Things That Matter

More Than 100 Protesters Were Arrested In New York City For Blocking One Of The Busiest Streets In The City

About 100 people were arrested in New York City after protesters demanding an end to Immigration and Customs Enforcement (ICE) forced the closure of a major highway.

Protesters shut down parts of the busy West Side Highway on Saturday, in an attempt to demand the closure of the federal agency.

More than 100 protesters were arrested in New York for blocking traffic along the city’s West Side Highway.

Those arrested were charged with disorderly conduct for obstructing traffic, NYPD detective Sophia T. Mason said. 

Calls for the closure of ICE have intensified since the Trump administration last year implemented its “zero tolerance” policy on immigration, which resulted in thousands of families being separated at the US-Mexico border.

Criticism reignited last week after 680 undocumented workers were arrested in Mississippi in a record-setting immigration sweep on the first day of school. The raids happened Wednesday at six food-processing plants. More than 300 of the detainees had been released by Thursday, an ICE spokesman said.

The protesters took to the streets including to the busy West Side Highway.

Protesters packed the area near West 26th Street, linking arms and holding signs that said “Abolish ICE” and “Close the camps,”.

“We DEMAND an end to all detention and separation of families at the border and everywhere,” event organizers wrote. “We DEMAND dignity, respect, and permanent protection for all undocumented immigrants.”

This is what it looked like from inside the march.

More than 1,000 people turned out for the event as they marched from Midtown Manhattan to the West Side.

Many New Yorkers took to Twitter to share how proud they were of their city and community for taking a stand.

In a city that leans heavily Democratic and that supports several pro-immigrant policies and politicians, many were thrilled to see that the community was still speaking out and demanding justice And compassion for immigrants.

While others on social media wished good luck to demonstrators.

For many, it was a reminder of the positive forces at work in the country demanding an end to hate, white supremacy, and racism.

READ: Just Days After Latinos Were Targets Of A Mass Shooting, ICE Conducts The Largest Raid In A Decade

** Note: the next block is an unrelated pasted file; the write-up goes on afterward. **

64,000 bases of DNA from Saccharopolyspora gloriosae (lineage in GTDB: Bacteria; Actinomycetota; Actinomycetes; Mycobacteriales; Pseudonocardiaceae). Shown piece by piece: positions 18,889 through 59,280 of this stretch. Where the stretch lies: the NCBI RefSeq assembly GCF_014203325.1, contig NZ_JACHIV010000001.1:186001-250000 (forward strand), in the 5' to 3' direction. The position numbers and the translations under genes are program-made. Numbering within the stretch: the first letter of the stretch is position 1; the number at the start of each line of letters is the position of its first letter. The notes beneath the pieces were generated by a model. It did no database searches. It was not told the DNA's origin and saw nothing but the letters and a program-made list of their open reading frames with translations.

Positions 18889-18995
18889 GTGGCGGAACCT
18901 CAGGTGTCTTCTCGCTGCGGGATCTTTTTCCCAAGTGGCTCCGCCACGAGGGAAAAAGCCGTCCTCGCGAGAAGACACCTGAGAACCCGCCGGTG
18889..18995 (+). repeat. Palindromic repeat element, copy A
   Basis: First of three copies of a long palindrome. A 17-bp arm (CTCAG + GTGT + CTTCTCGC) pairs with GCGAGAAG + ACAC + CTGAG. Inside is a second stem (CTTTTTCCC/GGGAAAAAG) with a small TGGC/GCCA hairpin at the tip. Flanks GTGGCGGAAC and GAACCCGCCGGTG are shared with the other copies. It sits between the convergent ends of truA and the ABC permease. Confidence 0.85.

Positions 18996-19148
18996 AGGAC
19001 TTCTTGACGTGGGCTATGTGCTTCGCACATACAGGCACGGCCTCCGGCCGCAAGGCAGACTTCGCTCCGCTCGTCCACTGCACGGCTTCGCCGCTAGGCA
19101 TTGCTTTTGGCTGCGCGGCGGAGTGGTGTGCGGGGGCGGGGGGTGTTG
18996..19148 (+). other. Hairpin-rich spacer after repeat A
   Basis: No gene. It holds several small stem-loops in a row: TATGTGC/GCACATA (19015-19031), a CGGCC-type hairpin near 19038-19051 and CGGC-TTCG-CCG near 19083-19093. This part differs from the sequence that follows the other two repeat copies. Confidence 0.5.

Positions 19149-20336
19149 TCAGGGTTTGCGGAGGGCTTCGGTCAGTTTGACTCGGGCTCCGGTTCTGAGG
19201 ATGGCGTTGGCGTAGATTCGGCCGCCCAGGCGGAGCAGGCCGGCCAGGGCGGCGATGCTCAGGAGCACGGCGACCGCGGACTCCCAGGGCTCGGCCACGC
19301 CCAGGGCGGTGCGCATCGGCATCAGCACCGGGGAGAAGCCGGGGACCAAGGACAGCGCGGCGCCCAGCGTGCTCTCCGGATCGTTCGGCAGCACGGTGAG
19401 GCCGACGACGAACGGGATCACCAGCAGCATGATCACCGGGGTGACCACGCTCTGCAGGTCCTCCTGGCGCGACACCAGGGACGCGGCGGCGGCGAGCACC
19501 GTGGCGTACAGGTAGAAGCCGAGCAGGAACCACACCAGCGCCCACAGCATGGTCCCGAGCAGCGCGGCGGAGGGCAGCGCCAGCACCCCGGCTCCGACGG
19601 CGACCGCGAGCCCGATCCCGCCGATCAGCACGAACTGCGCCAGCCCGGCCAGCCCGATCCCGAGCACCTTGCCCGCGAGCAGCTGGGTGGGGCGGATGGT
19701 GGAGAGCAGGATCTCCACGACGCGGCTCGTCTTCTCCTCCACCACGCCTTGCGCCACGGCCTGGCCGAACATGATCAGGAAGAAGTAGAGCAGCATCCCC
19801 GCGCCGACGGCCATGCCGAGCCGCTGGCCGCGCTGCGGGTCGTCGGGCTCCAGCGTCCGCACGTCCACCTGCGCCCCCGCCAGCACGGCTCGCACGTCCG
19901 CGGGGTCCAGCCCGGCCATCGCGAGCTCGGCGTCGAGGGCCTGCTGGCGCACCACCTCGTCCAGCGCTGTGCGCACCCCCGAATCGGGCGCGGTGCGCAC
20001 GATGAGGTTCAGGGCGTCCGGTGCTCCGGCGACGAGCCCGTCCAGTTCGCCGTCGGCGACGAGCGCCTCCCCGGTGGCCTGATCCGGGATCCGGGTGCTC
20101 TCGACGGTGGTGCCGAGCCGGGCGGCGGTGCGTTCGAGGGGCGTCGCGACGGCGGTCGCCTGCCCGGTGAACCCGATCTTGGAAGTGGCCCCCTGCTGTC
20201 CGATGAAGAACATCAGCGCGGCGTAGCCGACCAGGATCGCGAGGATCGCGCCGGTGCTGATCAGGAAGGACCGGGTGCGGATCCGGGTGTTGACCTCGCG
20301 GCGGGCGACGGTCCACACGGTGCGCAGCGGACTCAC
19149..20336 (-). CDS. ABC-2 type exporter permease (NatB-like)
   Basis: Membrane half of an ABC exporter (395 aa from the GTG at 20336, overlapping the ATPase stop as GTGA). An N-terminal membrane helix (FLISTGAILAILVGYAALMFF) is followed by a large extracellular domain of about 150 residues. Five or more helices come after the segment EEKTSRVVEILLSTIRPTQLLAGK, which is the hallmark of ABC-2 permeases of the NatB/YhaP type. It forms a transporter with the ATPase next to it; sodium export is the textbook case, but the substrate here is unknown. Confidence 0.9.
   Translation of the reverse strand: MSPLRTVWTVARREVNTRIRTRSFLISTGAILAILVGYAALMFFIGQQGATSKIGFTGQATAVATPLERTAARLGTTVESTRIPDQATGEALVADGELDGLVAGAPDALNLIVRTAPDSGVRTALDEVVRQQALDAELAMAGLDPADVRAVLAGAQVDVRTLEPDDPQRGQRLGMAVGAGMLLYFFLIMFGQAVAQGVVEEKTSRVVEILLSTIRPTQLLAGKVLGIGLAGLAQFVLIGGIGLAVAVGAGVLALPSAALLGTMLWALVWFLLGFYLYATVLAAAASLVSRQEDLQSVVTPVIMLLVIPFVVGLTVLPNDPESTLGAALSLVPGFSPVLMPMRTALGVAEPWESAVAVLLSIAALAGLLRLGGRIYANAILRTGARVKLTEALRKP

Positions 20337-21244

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Tate’s Cookies Threatened to Report Undocumented Workers to ICE If They Unionized

Culture

Tate’s Cookies Threatened to Report Undocumented Workers to ICE If They Unionized

Photo via chocolleto/Instagram

Fans of the crispy, buttery Tate’s cookies might be sad when they hear this news. According to current employees, the popular cookie business has been threatening employees who are trying to unionize.

According to multiple employees, Tate’s cookies threatened to contact ICE if workers vote to unionize next month.

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According to Gothamist, most of Tate Bake Shop’s 432 employees are undocumented workers. But the National Labor Relations Act says that undocumented workers have a lawful right to unionize.

The powerhouse baked goods company Mondelēz International owns Tate’s cookies. Additionally, Mondelēz owns other popular brands like Oreo and Chips Ahoy. Local union leaders have called the company “anti-union on steroids”.

Once Tate’s cookies heard rumblings of their workers unionizing, however, they hired an anti-labor consultant. The consultant, Carlos Flores, brags on LinkedIn about keeping businesses “labor free”.

“They began threatening people based on their immigration status, telling them that if their documents are not in order and they attempted to join the labor union they would get deported,” said Eastern States’ Union president, Cosmo Lubrano.

The consultant allegedly told workers that he would review their documentation to see if “everything was in order”. If it wasn’t, he said ICE might “send them back”.

“Just because a worker wants to organize, wants to have representation doesn’t mean a company should make their life miserable,” said Julio, an undocumented worker, to The New York Times.

Tate’s cookies employees only began to discuss the possibility of unionizing when the pandemic hit. Workers felt that the cookie company might not protect them should they fall ill.

“We were in the heart of the pandemic at that time and they didn’t know any of the rules that applied to them,” said Anthony Miranti, an Eastern States’ union delegate.